Wednesday, September 3, 2008

Weak Kidney Cat Food

Update 9/3/08:  Ruso has stopped eating this food.  He loved it for about two months and then... not having it any more.  He sniffs it and then backs away - would rather starve, thank you very much.  Also, he's losing hair, which may or may not be associated with eating this diet.  Now I have a bunch of trout in the freezer!  ... off to look up human recipes for trout.  The bottom line is Ruso no longer recommends this recipe.

Originally posted July 3, 2008:

When Ruso went to the vet for a cyst removal, the vet told me he had a mild gum disease and I should have his teeth cleaned.  Well, actually I didn't go to the vet for a cyst removal.  I went for regular shots, checkup and maybe drain the cyst.  It's like going shopping for one or two things in the grocery story and coming home with two bags full.  Anyway, a blood test is required for older cats.  (Ruso is 10+ years old.)

Since Ruso is terrified of the cat carrier, I left him over night and picked him up the next day.  When I was waiting to pay the bill (more than $500, less than $1000, should I feel lucky?), the vet told me that Ruso's blood count showed a higher than normal count of something, indicating he has weak kidneys.  They suggested some special cat food that I know Ruso won't eat because he's way, way too fussy.

The Ultimate Pet Food Guide: Everything You Need to Know about Feeding Your Dog or Cat
by Liz Palika  (copyright 2008)

Read more about this title...  (link to

I checked this book out of the library.  Apparently there is some controversy about whether a cat with kidney problems should get more, or less, protein in his diet.  This book recommends more.   The vet recommended less.  Who knows?  Since the copyright in the book is 2008, I decided that the book's information was current.  Who knows?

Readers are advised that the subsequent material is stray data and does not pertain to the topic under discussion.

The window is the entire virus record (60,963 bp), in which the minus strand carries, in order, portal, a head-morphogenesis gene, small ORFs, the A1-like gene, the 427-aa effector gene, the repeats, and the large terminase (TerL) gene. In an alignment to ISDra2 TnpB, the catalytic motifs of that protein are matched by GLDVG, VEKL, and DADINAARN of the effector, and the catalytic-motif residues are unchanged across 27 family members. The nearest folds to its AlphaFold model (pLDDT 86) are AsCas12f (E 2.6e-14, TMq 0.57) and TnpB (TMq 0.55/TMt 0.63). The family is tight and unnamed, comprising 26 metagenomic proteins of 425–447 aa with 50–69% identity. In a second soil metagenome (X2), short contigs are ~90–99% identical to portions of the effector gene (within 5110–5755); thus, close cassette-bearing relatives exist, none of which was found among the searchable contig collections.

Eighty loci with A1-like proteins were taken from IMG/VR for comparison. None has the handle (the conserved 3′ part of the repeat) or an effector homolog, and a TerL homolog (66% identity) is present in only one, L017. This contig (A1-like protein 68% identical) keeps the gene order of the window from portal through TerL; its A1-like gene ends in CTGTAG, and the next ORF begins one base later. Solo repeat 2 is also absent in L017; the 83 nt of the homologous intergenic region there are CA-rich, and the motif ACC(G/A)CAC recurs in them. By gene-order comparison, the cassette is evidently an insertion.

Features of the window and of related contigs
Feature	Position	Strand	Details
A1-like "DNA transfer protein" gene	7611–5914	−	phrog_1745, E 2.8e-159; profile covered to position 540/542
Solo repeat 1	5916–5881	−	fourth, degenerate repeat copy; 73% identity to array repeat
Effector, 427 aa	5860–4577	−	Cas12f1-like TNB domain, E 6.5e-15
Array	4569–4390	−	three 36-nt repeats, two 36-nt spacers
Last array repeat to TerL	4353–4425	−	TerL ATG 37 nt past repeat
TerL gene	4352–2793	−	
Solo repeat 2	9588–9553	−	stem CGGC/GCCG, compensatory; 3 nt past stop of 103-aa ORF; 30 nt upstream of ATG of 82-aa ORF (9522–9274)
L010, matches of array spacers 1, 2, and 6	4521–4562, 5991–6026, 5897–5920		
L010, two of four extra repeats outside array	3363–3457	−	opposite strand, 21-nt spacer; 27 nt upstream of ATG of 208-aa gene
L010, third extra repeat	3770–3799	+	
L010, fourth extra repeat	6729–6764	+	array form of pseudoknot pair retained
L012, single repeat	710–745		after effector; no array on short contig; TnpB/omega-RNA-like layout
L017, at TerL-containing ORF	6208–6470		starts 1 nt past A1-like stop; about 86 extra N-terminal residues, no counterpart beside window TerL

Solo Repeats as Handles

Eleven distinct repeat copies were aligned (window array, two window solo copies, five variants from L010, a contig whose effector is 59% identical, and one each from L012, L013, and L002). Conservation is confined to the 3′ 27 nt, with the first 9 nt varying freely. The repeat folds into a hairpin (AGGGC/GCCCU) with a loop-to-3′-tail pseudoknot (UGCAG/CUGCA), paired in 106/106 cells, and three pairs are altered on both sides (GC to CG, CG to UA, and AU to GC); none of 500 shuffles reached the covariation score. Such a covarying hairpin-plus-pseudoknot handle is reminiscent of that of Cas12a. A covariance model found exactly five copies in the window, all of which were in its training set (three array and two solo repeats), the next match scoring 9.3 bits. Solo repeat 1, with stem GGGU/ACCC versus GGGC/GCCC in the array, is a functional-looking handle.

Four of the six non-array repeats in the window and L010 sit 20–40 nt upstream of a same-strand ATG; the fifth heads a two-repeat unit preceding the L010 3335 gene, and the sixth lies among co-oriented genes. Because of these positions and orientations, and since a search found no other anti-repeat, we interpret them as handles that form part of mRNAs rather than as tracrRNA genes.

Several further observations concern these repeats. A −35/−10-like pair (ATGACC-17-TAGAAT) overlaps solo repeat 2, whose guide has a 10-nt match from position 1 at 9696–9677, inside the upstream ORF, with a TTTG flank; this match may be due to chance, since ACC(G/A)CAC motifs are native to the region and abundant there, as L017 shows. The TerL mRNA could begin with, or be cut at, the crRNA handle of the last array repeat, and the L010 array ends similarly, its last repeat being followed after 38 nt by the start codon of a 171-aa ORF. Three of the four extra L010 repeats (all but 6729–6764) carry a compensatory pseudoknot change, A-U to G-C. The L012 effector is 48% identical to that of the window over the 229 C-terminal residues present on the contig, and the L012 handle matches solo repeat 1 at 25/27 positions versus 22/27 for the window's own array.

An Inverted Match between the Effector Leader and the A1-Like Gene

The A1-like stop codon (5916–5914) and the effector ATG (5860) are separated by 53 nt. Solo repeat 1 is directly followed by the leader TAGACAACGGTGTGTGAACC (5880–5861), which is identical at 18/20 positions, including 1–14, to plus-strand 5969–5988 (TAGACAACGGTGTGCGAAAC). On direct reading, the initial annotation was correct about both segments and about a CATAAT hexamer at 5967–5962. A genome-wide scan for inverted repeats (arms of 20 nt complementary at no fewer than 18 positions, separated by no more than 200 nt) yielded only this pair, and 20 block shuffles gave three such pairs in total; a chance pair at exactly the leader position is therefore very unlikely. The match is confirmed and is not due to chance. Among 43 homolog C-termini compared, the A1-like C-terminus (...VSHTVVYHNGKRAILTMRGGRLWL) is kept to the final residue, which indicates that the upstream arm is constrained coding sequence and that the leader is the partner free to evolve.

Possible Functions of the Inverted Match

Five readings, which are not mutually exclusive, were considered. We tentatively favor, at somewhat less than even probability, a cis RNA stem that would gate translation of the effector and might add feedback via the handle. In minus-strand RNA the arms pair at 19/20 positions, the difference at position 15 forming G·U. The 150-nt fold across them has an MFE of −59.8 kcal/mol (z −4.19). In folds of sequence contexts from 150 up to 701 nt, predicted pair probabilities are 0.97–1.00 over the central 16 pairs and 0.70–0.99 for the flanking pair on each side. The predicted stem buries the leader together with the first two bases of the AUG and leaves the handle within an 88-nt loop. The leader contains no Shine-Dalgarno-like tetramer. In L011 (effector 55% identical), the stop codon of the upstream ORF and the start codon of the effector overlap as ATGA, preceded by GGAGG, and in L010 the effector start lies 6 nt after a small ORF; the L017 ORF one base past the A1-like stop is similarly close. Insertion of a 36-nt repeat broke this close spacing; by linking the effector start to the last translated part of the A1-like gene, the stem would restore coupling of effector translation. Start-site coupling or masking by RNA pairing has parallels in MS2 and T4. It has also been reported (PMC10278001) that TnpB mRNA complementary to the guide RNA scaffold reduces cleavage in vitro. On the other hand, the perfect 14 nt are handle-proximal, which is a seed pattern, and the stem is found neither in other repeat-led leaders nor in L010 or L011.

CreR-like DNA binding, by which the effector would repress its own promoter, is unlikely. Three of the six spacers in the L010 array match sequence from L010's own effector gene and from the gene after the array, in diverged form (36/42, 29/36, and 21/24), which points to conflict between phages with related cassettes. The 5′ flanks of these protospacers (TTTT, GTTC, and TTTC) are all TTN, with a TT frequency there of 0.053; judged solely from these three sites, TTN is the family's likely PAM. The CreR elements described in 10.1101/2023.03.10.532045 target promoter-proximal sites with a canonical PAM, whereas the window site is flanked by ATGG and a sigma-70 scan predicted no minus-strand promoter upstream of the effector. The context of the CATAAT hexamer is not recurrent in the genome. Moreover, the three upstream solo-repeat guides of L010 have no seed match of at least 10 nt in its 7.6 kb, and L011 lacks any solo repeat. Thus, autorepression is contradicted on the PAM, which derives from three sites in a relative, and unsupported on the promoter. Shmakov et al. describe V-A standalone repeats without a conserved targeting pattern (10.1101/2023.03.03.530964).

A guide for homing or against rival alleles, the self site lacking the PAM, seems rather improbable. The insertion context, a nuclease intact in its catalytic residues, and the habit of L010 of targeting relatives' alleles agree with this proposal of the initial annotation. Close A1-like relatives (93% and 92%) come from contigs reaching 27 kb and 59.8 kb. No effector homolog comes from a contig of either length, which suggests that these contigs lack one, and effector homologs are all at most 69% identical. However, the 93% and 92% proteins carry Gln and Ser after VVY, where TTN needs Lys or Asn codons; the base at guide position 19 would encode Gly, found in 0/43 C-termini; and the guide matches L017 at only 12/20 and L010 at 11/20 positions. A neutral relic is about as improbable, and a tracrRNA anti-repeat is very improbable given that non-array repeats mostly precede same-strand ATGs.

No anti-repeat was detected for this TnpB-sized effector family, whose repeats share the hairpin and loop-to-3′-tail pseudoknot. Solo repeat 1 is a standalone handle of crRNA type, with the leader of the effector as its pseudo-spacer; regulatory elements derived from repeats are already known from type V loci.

A recipe for Ruso's old kidneys:  Chicken and Trout, page 228.  This recipe makes one day's worth of food for a 10 pound cat.  I'm not cooking chicken and trout every day for my spoiled boy, so here is my recipe for a week's worth. 

I give Ruso 2 tablespoons of IAM's multi-cat dry food and three-four tablespoons of Chicken and Trout at breakfast and dinner.  He did have diarrhea for a few days at first, but he's fine now.  You should probably introduce the food into his diet gradually, not all at once like I did.

Chicken and Trout cat food for a week

  • 3 hard boiled, peeled whole eggs

  • 2 boneless, skinless chicken breasts *

  • 1 cleaned, whole trout *

  • wheat grass (cut about 1 inch off the top of a 4" square pot) **

  1. Get out everything you need:
    - food processor (optional)
    - paper towel
    - rubber gloves (optional) ***
    - big bowl for mixing
    - tablespoon measure
    - cutting board and sharp knife
    - about 7-8 sandwich bags unzipped
    - a gallon-sized freezer bag unzipped
    - permanent marker for freezer bag
    - microwave cooking dish with cover
    - disinfecting wipes

  2. Boil the eggs and set aside to cool.  Peel.  About those rubber gloves - wear 'em if you've got 'em.

  3. Rinse and cook the trout.  I put the entire trout in a casserole dish  with a sprinkle of water and cook on 60% power for three minutes.  Set aside to cool, then take the head, skin, and fins off.  Remove all the bones.

  4. Rinse the chicken and cut it into about 3/4" square pieces.   Cook.  I cook in the microwave on 60% for about 7 minutes, stirring once mid-way through the cooking cycle.  Set aside to cool.

  5. Wrap the wheat grass in a paper towel and dampen it.  Cook the wheat grass in the microwave for about 20 seconds at 100%.  Set aside to cool.  Chop into smaller pieces.

  6. Chop everything in the food processor, or you can dice by hand.  I put about a third of ea. ingredient in the f.p. and chop in three batches.

  7. Mix ingredients together in a big bowl.  Put about 8 tablespoons in a sandwich bag.  This is about a day's worth of food for my Ruso.  This recipe should yield 7-8 bags.  Put those bags in a gallon-sized freezer bag and write "cat food" on the gallon-sized bag with a permanent marker.  I reuse the gallon-sized bags.

    Freeze food you aren't going to use in the next day or so.  (Take a day's worth out of the freezer and defrost in the fridge a day before you need it.)

  8. Wash all those tools in hot, soapy water.  Use a disinfectant cloth on the counter and all the surfaces you touched with gooey hands because you forgot to get something out in step 1.  I'm probably a little OCD about handling raw meat, but I guess it doesn't hurt to be safe.

*  I shop at Costco and buy whole trout and boneless/skinless checken breasts.  I freeze the trout individually wrapped in aluminum foil.  I defrost trout and chicken in the fridge about a day or two ahead of time.

** I buy human wheat grass at the grocery store, but I plan to start growing my own as soon as I figure out how.

*** I like to work with raw meat using "examination gloves" I buy at Costco.  I get the latex-free ones.  You get a million of them.  They are good for weeding and gardening too.

20080702 Ruso




Ruso loves this food!

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